The cruise is sandwiched between the two renowned cities of Russia: St. Petersburg to the north and Moscow to the south. Though I can’t wait to see these great cities, I’m fascinated by what lies between. Cities with names like Mandrogy, Yaroslavl, and Uglich….places that remain completely unfamiliar to me. In a lot of my research (and as you’ll see in the photos below that I snagged from Flickr’s creative commons), all I could find were monuments and buildings. And while monuments and buildings are surely important parts of a country’s living history, I would really like to know what life is like around and behind those structures.
What are the Russians talking about? What’s on their minds? What is a day in the life like? For instance, if someone came to Arizona and all they did was take back photos of the Grand Canyon and the red rocks of Sedona, no one would have any idea what people like me do everyday in our work and play time.
That said, I’m incredibly excited to have this unique opportunity to get up close and personal with these waterways and what these Golden Ring towns hold with their ancient monasteries and tiny river villages. My mom and I will be cruising together for thirteen long days, sailing for many of them and stopping over for a few nights in the major cities.
Here’s a little list of what we’re planning to do while we’re in each city. Of course, with the way I travel, this list will surely change with my whims 🙂
St. Petersburg, Russia (4 Days)
In our first few days in St. Petersburg, otherwise known as “The City of 300 Bridges,” we plan to see the 18th century rococco-inspired Catherine Palace (picture below); do an up-close walking tour, see a Russian ballet performance, check out the Peterhof Palace (I’ve heard it has amazing landscaped gardens!), visit a kommunalka commune, and take an evening boat cruise. In-between these outings with Viking, I’m going to have to squeeze in a side trip to the Russian Museum of Erotica, where I’ll be on assignment getting up close and personal with Rasputin. More on that to come 🙂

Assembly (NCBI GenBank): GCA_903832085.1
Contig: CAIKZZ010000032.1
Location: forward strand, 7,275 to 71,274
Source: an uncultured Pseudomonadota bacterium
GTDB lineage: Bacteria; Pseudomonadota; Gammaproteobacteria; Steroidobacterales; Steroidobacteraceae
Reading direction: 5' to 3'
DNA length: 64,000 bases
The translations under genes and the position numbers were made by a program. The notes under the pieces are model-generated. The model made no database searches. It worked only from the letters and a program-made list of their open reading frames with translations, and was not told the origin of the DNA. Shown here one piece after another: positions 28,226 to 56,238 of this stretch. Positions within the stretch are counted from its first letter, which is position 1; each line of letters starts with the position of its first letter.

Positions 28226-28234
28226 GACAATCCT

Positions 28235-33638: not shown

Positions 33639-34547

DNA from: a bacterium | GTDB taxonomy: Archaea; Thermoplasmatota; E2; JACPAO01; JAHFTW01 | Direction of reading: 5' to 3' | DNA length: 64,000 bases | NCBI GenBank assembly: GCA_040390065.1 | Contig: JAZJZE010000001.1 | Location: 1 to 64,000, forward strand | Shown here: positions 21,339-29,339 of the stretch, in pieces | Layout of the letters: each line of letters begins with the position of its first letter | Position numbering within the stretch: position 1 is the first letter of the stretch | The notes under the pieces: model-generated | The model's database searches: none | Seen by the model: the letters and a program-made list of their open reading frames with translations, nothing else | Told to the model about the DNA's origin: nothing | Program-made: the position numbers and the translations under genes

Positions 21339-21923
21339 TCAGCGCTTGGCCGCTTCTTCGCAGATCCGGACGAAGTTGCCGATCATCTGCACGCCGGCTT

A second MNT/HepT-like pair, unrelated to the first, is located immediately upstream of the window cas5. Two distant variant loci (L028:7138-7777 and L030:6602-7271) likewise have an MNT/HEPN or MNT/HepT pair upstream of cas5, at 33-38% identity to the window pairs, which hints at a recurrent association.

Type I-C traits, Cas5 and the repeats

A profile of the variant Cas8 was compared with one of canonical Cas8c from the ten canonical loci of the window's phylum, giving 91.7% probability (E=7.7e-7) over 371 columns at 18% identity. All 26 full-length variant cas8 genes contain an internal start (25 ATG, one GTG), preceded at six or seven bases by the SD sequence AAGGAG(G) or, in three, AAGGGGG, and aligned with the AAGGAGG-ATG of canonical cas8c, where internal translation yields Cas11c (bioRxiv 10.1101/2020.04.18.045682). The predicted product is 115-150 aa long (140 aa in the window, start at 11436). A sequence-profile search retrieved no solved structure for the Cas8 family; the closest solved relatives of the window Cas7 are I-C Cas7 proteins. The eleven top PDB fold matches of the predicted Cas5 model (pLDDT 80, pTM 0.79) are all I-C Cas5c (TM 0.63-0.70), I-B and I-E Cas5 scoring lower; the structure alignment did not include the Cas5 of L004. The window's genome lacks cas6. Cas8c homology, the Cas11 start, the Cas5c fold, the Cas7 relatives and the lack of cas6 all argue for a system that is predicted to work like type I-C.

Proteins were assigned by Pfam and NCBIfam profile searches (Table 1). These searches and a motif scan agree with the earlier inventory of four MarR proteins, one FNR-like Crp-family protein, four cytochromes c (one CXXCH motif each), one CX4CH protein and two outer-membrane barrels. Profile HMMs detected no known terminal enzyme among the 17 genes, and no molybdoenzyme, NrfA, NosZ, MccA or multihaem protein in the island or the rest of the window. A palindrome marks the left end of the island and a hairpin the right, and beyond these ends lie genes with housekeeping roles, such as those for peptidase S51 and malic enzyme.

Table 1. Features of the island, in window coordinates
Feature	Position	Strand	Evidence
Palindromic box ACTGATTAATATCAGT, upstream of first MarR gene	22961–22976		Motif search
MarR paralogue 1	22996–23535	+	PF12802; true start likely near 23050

Mandrogy, Russia (1 Day)
We’re making a quick stop in this little village on the Svir River, and while here, I plan to don my bathing suit and try out a Russian bath house (also called a banya). If we have time, we might do a matroyshka doll painting class in the local craft village.
Kizhi, Russia (1 Day)
All I really want to see on Kizhi island is this magnificent church below–it’s both an UNESCO World Heritage Site and an architectural feat. It was built without a single nail!
Kuzino, Russia (1 Day)
Kuzino is rumored to have some beautiful monasteries and art work from the 12th century. Very excited to see some of these wooden chapels. We’re also planning on visiting with children at a local school, but I’m not sure exactly what that will entail. I’ll keep you posted!
Yaroslavl, Russia (1 Day)
One of the Golden Ring cities, we’ll be going to a farmer’s market, handicraft village, and visiting the church below, which apparently has incredible frescoes and Russian icons.
Uglich, Russia (1 Day)
Uglich will entail walking tours, a couple more churches (like this super cute one with the blue and gold-starred domes!), and an afternoon tea.
Moscow, Russia (4 Days)
Finally, Moscow. In our days here, we plan to do an up-close walking tour, attend a folklore concert, walk around the old city, take a Jewish Moscow tour to learn about some of the important sites of the Jewish people who settled here, visit with my friend Olga, and head to the famous Kremlin (see picture below).
Of course, any city trip–especially with my mom!–will entail lots of people-watching, trying new foods, and getting lost on side streets.
If you’re interested, check out the full itinerary here on Viking’s website.
Yours in travel,
All photographs from Flickr’s Creative Commons. I thank them for their generosity and I hope my photos turn out just as beautifully!